The journey to becoming a Professional Scrum Master is slightly different from the CSM. While Scrum Alliance emphasizes the learning process, Scrum.org’s certification focuses on the examination. Becoming a PSM is less about how you gain knowledge and more about the knowledge itself.
Like Scrum Alliance, Scrum.org offers three levels of certification, though it doesn’t offer role-specific courses.
Scrum Inc. offers an almost polar opposite approach to Scrum.org. They offer dynamic, hands-on learning that helps you get a real, contextual experience.
Scrum Inc.’s training program combines lectures with games and exercises that give attendees a first-hand experience of being a Scrum Master. Participants break into teams and learn how to create and organize product backlogs, manage burndown charts, and look at case studies to gain a comprehensive knowledge of what Scrum is and how to get the most out of it.
The Project Management Institute serves almost 3 million professionals across the globe and is a recognized leader of product management certifications. They offer 17 Agile and Scrum certifications, with several tailored specifically to Scrum Masters.
The most popular PMI certification for Scrum Masters is the Agile Certified Practitioner (PMI-ACP). This covers a range of other Agile practices, including Kanban, XP, and Lean. Choosing this type of certification can show potential employers that you have extensive knowledge of key aspects of several Agile methodologies.
Unlike the certifications we have already mentioned, PMI-ACP has some prerequisites. It requires a minimum level of experience with Agile and is therefore not suitable for newcomers to Scrum.
Scaled Agile is one of the newer sources of Scrum certification and specializes in Scaled Agile Framework (SAFe).
Like the PMI certification, Scaled Agile is better suited to someone more experienced with Agile because SAFe is intended to scale Agile, Lean, and DevOps practices for enterprises. Scaled Agile’s SAFe Scrum Master certification looks at the fundamentals of team-level Scrum and how to build high-performing Agile teams to deliver the maximum business value at scale.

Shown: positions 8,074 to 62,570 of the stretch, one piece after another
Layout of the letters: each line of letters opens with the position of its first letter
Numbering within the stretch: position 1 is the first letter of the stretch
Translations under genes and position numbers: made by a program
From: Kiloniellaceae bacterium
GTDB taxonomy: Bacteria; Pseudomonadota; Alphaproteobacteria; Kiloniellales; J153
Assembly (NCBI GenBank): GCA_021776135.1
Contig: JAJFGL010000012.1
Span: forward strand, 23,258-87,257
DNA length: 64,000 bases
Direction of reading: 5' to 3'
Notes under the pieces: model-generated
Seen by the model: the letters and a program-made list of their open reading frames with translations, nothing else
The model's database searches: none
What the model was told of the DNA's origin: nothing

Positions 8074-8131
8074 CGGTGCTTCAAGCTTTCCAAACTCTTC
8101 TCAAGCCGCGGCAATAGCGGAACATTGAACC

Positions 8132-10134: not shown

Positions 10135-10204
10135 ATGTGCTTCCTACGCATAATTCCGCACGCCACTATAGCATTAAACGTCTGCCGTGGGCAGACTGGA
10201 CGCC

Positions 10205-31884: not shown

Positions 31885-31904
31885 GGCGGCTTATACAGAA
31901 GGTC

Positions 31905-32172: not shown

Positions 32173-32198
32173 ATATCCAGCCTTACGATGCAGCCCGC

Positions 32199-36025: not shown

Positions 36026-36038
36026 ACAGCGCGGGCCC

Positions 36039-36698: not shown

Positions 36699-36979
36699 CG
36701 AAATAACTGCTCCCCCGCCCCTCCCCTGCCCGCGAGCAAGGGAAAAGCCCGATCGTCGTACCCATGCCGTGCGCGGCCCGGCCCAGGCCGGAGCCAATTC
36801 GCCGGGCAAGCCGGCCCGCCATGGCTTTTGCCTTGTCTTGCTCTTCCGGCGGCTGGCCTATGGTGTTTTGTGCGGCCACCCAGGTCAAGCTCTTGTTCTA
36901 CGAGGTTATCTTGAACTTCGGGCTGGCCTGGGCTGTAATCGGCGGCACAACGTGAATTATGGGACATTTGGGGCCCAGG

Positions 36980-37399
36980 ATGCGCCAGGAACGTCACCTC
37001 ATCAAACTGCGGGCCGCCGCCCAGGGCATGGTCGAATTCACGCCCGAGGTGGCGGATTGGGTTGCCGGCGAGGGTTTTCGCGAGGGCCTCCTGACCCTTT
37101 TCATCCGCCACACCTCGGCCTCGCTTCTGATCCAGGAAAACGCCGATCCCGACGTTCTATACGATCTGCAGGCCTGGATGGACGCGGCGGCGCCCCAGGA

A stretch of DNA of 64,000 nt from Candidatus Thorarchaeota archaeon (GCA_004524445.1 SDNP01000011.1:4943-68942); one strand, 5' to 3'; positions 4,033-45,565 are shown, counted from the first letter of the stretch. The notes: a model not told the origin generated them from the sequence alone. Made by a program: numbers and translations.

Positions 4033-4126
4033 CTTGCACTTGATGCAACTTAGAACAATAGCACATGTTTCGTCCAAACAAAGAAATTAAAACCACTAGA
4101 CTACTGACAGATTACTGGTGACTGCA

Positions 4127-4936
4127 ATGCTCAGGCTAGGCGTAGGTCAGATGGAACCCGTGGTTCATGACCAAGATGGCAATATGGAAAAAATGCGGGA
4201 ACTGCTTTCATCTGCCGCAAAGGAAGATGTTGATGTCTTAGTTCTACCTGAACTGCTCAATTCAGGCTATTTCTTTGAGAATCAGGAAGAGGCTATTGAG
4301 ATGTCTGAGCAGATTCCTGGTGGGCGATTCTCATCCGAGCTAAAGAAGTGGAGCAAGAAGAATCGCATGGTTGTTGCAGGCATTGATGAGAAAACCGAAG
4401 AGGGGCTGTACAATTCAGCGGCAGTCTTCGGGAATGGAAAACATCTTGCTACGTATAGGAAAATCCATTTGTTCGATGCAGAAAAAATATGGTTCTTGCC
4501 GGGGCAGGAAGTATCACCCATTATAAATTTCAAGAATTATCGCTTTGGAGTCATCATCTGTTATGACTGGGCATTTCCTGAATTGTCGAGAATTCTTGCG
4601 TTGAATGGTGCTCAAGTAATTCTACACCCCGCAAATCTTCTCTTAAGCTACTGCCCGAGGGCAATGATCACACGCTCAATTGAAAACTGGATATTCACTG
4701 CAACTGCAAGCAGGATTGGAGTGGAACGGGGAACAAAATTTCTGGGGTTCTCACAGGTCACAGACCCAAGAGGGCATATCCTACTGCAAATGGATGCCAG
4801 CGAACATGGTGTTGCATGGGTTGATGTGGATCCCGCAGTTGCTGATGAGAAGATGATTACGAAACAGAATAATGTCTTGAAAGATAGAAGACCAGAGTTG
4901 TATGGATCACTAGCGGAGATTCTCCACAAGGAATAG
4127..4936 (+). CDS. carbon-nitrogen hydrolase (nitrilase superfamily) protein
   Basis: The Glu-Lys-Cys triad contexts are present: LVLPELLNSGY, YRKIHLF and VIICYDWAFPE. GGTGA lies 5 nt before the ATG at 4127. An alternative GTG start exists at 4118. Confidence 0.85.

Choosing a certification that’s right for you
As you can see, there are plenty of options available to someone looking to become a certified Scrum Master. Each has a different set of criteria, and some will be more suitable for you than others. To make sure you pick the certification that’s right for you, here are a few questions to ask yourself:
Remote or in-person?
Over the last couple of years, we have been forced to adapt to remote ways of doing things. However, not everyone is comfortable with remote learning. While in-person certification is less available than it previously was, you can still find in-person certification courses if you prefer.
How much are you willing to pay?
Some certifications are available for free, but many valuable certifications can be pricey. A free certification service will still help make you a more attractive candidate, but you may lose out against a candidate who paid for a better service.
Are you qualified enough?
Many certifications are suitable for newcomers looking for a way into the world of Agile. These courses will include the basics of Scrum and Agile to give you a good understanding of the practices and processes involved.
However, some more advanced certifications will have specific prerequisites, such as an experience cap, or require you to undertake another course they offer.
No matter which certification you choose, EasyRetro is here for you
At EasyRetro, it’s our mission to guide everyone in the Agile ecosystem, no matter how qualified they are. It doesn’t matter if you’re a level 3 certified expert or just starting on your Agile journey. The EasyRetro blog is here to give you top tips and valuable insights.